The creation of trench art that can be broadly defined
as the making of items of decorative value from the
waste material of armed conflict such as spent shell
or bullet cases was much practiced during the Great
War. It was undertaken by soldiers while they were in
the trench lines or in the rest areas, by Prisoners
of War (PoW), and by the civilian population. For some,
their output would be the means of supplementing the
few shillings or sous that were their weekly wage. It
should be mentioned that trench art was not unique to
the Great War, and that it has similarities in the scrimshaw
produced by men on whalers in the 18th and 19th centuries
as well as items made by French PoW from the Napoleonic
Wars. Effectively, it was made anywhere where serving
men had time on their hands.
The vase shown in the accompanying photographs has
a somewhat different intent to that of being simply
decorative or having been made to occupy spare time.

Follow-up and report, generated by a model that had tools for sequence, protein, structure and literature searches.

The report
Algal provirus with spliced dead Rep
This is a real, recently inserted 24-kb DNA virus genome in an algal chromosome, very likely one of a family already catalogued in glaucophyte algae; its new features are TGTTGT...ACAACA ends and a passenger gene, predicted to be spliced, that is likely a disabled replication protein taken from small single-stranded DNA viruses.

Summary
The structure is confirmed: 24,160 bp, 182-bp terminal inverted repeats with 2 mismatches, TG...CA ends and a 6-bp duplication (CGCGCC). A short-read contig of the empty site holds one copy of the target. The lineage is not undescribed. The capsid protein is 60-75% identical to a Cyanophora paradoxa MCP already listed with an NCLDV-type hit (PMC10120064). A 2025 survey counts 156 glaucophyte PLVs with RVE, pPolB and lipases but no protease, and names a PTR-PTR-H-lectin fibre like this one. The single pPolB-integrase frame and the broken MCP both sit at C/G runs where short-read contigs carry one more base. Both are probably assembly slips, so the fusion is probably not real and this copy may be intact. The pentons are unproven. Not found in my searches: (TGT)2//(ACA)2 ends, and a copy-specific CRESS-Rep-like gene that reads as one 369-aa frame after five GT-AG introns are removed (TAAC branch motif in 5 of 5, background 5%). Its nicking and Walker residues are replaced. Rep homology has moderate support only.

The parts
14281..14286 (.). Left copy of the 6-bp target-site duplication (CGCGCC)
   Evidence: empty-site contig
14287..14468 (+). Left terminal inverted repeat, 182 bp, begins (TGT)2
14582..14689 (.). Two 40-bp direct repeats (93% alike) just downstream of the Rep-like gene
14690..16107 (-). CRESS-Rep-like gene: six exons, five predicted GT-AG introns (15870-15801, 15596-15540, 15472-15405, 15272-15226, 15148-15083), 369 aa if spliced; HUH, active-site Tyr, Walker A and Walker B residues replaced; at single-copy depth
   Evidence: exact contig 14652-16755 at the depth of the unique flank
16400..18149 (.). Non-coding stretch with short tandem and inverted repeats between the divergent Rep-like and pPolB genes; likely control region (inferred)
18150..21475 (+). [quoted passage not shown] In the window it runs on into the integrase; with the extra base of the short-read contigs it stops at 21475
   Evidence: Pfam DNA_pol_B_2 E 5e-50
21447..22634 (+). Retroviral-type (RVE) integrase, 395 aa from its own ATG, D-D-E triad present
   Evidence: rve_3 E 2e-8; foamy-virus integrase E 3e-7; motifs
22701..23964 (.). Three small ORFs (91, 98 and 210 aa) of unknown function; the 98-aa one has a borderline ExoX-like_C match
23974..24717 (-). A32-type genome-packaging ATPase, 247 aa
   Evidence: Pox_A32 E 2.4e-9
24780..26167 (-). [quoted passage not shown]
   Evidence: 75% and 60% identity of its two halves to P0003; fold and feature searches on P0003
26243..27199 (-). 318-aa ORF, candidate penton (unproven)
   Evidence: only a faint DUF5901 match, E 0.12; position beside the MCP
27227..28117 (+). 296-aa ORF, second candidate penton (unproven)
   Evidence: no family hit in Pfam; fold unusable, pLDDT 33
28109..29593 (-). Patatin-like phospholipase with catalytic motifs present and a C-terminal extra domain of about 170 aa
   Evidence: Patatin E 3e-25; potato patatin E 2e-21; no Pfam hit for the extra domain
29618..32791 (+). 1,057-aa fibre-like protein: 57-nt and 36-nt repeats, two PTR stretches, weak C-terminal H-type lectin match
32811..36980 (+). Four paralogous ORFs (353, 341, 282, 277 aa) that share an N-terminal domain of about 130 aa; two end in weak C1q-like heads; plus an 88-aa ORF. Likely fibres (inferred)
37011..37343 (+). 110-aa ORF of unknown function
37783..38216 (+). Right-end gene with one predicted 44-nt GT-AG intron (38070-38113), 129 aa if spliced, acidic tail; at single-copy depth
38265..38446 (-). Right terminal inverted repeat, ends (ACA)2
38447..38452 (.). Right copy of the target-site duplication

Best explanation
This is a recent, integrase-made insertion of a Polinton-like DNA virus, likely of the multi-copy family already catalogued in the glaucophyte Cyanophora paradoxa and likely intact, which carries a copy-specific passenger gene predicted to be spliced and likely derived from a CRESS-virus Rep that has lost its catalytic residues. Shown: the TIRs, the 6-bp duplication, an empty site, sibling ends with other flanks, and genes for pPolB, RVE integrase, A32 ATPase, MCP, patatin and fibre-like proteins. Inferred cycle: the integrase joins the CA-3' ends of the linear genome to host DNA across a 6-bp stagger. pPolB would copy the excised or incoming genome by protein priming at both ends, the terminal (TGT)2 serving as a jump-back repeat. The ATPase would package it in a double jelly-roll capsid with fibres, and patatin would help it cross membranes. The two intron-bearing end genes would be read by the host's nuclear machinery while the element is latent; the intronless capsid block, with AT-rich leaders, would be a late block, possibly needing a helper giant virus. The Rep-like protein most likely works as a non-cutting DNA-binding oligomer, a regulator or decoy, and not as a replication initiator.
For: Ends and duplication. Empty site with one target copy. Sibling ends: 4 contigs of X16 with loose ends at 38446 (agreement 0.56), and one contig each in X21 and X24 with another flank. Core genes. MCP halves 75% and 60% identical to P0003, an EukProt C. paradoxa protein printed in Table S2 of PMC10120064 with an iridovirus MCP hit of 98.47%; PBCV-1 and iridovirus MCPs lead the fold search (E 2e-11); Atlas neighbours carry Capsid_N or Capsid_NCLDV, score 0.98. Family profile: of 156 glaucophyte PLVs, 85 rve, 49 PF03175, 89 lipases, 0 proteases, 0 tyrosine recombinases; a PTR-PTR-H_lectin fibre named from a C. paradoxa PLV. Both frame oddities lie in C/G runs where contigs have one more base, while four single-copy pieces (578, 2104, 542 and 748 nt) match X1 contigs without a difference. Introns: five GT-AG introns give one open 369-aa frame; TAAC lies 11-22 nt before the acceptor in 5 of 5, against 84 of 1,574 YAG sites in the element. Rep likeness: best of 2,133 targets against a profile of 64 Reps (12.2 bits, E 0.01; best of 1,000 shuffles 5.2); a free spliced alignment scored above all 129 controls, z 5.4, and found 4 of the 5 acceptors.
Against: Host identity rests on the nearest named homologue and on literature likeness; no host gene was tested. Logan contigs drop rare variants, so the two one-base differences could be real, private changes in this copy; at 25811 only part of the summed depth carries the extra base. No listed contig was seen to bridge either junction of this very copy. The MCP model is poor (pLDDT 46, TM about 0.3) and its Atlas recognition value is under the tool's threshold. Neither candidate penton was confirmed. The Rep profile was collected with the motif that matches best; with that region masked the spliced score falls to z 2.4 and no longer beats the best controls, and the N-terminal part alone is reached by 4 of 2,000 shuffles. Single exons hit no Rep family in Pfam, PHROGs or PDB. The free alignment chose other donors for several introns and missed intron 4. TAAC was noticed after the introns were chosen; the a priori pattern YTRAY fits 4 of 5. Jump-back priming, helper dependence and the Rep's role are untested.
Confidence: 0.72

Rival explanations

Made out of a 5.9 inch shell case, on one side the inscription
has been punched or engraved in:
"In Loving Memory of our Brother Pte W Honeycombe
1/15 Hants Died Somewhere in France."
While on the other side, in what appears to be the
badge of the Royal Militia Island of Jersey, without
the three leopards, is also punched or engraved:
"Killed in Action, Sept 4th 1918."
It was clearly meant to reflect the family's grief
at William's loss in France or (more likely) Flanders
not least that of his brothers Walter Davey who was
serving with the King's Own Lancaster Regiment and Albert
Henry, a Sapper in the Royal Engineers and who probably
had the technical resources to make this vase.
From what can be discerned from his regimental number
43956 and his age, it would appear that William was
among a batch of 35 Jerseymen who were conscripted in
either late 1917 or early 1918 and who would serve with
the Hampshire Regiment. William's father Samuel worked
for Jersey's Evening Post selling newspapers and was
also the Town Crier in St Helier.
The CIGWSG would very much like to thank the vase's
current owner, Mr David Gainsborough Roberts, for his
permission to include the photographs on its website.